i1 = Integer.valueOf(1000);
i2 = Integer.valueOf(1000);
boolean b2 = i1 == i2; // false

i1=1;
i2=1;
boolean b3 = i1 == i2; // true

i1=1000;
i2=1000;
boolean b4 = i1 == i2; // false

i1=126;
i2=126;
boolean b5 = i1 == i2; // true

i1++;
i2++;
boolean b6 = i1 == i2; // true

i1++;
i2++;
boolean b7 = i1 == i2; // false

i1 = 2000;
i2 = i1;
boolean b8 = i1 == i2; // true

i1++;
i1--;
boolean b9 = i1 == i2; // false


Update: the same thing also applies to Strings. Two strings with the same value are not == although they are immutable, so even the same string won't be equal to itself after changes. Fun!

I now submit to you that "sucks" applies to many things, but not to Java. A new term needs to be defined for it, so that it captures the horror above in a single word.

Wednesday, July 12, 2017

Microsoft SQL Server table partitioning

Tonight I went to an ADCES presentation about SQL table partitioning, a concept that allows for a lot of flexibility while preserving the same basic interface for a table one would use for a simpler and less scalable application. The talk was very professionally held by Bogdan Sahlean and you should have been there to see it :)

He talked about how one can create filegroups on which a table can be split into as many partitions as needed. He then demonstrated the concept of partition switching, which means swapping two tables without overhead, just via metadata, and, used in the context of partitions, the possibility to create a staging table, do stuff on it, then just swap it with a partition with no downtime. The SQL scripts used in the demo can be found on Sahlean's blog. This technology exists since SQL Server 2005, it's not something terribly new, and features with similar but limited functionality existed since SQL Server 2000. Basically the data in a table can be organized in separate buckets and one can even put each partition on a different drive for extra speed.

Things I've found interesting, in no particular order:
  • Best practice: create custom filegroups for databases and put objects in them, rather than in the primary (default) filegroup. Reason: each filegroup is restored separately,
    with the primary being the first and the one the database restore waits for to call a database as online. That means one can quickly restore the important data and see the db online, while the less accessed or less important data, like archive info, loaded afterwards.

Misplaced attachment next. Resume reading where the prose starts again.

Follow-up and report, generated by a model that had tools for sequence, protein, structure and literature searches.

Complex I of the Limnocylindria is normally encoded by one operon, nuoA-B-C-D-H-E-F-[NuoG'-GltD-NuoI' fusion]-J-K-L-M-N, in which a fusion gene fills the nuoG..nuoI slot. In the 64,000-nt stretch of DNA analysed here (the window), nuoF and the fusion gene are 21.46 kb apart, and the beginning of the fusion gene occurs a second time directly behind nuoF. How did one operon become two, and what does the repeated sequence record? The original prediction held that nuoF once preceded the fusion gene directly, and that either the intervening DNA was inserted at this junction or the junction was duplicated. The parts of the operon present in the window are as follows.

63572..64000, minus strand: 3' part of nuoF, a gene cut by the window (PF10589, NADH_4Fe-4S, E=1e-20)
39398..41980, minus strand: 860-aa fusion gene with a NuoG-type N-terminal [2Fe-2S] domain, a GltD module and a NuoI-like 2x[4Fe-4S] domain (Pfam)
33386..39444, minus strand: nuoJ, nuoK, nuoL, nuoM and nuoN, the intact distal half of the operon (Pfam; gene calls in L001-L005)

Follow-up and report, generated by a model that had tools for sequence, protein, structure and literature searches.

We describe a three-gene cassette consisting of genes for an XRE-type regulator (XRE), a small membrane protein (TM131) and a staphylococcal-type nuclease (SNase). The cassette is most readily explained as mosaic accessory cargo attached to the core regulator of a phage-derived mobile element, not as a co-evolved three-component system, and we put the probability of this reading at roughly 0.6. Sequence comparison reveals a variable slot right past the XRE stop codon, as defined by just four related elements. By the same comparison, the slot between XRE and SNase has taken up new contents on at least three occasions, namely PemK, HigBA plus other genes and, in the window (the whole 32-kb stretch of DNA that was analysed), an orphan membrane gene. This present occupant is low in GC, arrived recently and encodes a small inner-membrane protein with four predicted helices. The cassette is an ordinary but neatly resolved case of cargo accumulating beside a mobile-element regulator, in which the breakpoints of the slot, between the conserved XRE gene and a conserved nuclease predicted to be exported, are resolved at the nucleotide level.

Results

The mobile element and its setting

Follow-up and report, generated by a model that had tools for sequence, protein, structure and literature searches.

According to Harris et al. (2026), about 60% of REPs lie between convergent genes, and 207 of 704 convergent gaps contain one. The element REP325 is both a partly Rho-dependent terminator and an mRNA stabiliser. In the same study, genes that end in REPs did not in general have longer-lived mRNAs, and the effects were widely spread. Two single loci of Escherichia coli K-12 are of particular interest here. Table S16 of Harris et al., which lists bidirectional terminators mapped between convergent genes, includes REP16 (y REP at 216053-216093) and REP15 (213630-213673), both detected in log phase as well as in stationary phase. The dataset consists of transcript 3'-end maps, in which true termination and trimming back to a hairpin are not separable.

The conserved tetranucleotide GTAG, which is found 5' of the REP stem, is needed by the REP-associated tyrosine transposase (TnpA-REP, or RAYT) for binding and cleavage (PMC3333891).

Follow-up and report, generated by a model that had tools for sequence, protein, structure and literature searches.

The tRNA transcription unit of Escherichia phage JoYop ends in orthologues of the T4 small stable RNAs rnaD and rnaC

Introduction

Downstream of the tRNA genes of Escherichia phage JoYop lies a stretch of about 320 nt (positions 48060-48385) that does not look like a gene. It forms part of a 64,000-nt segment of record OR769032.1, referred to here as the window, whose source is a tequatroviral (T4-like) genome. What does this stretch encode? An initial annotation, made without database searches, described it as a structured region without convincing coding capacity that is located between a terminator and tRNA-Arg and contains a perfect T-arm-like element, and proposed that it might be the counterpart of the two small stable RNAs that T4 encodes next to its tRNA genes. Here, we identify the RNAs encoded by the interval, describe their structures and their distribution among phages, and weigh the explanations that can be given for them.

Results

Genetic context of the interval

• Using constraints with CHECK on tables is useful in so many ways. For example, even since SQL Server 2000, one could create tables on different databases, even different servers, and if they are marked with not overlapping checks, one can not only create a view that combines all data with UNION ALL, but also insert into the view. The server will know which tables, databases and servers to connect to. Also, useful in the partition presentation.
  • CREATE INDEX with a DROP_EXISTING hint to quickly recreate or alter clustered indexes. With DROP_EXISTING, you save one complete cycle of dropping and recreating nonclustered indexes. Also, if specifying a different filegroup, you are effectively moving the data in a table from a filegroup to another.
  • Finally, the SWITCH TO partition switching can be used to quickly swap two tables, since from Sql Server 2005 all tables are considered partitioned, with regular ones just having one partition. So one creates a table identical in structure with another, does whatever with it, then just uses something like this: ALTER TABLE Orders SWITCH PARTITION 1 TO OrdersHistory PARTITION 1; to swap them out, with minimal overhang.

Monday, July 10, 2017

Memory Mapped Files in .NET 4.0

Just a heads up on a technology than I had no idea existed. To get the details read this 2009 (!!! :( ) article.

Basically you define a MemoryMappedFile instance from a path or a file reader, then create one or more MemoryMappedViewAccessors, then read or write binary data. The data can be structures, by using the generic Read/Write<[type]> methods.

Drawbacks: The size of the file has to be fixed, it cannot be increased or decreased. Also the path of the file needs to be on a local drive, it can't be on a network path.
Advantages: Fast access, built in persistency, the most efficient method to share data between processes.

Friday, July 07, 2017

NullPointerException in Java when using null values in a switch statement

Fuck Java! Just fuck it! I have been trying for half an hour to understand why a NullPointerException is returned in a Java code that I can't debug. It was a simple String object that was null inside a switch statement. According to this link states that The prohibition against using null as a switch label prevents one from writing code that can never be executed. If the switch expression is of a reference type, that is, String or a boxed primitive type or an enum type, then a run-time error will occur if the expression evaluates to null at run time.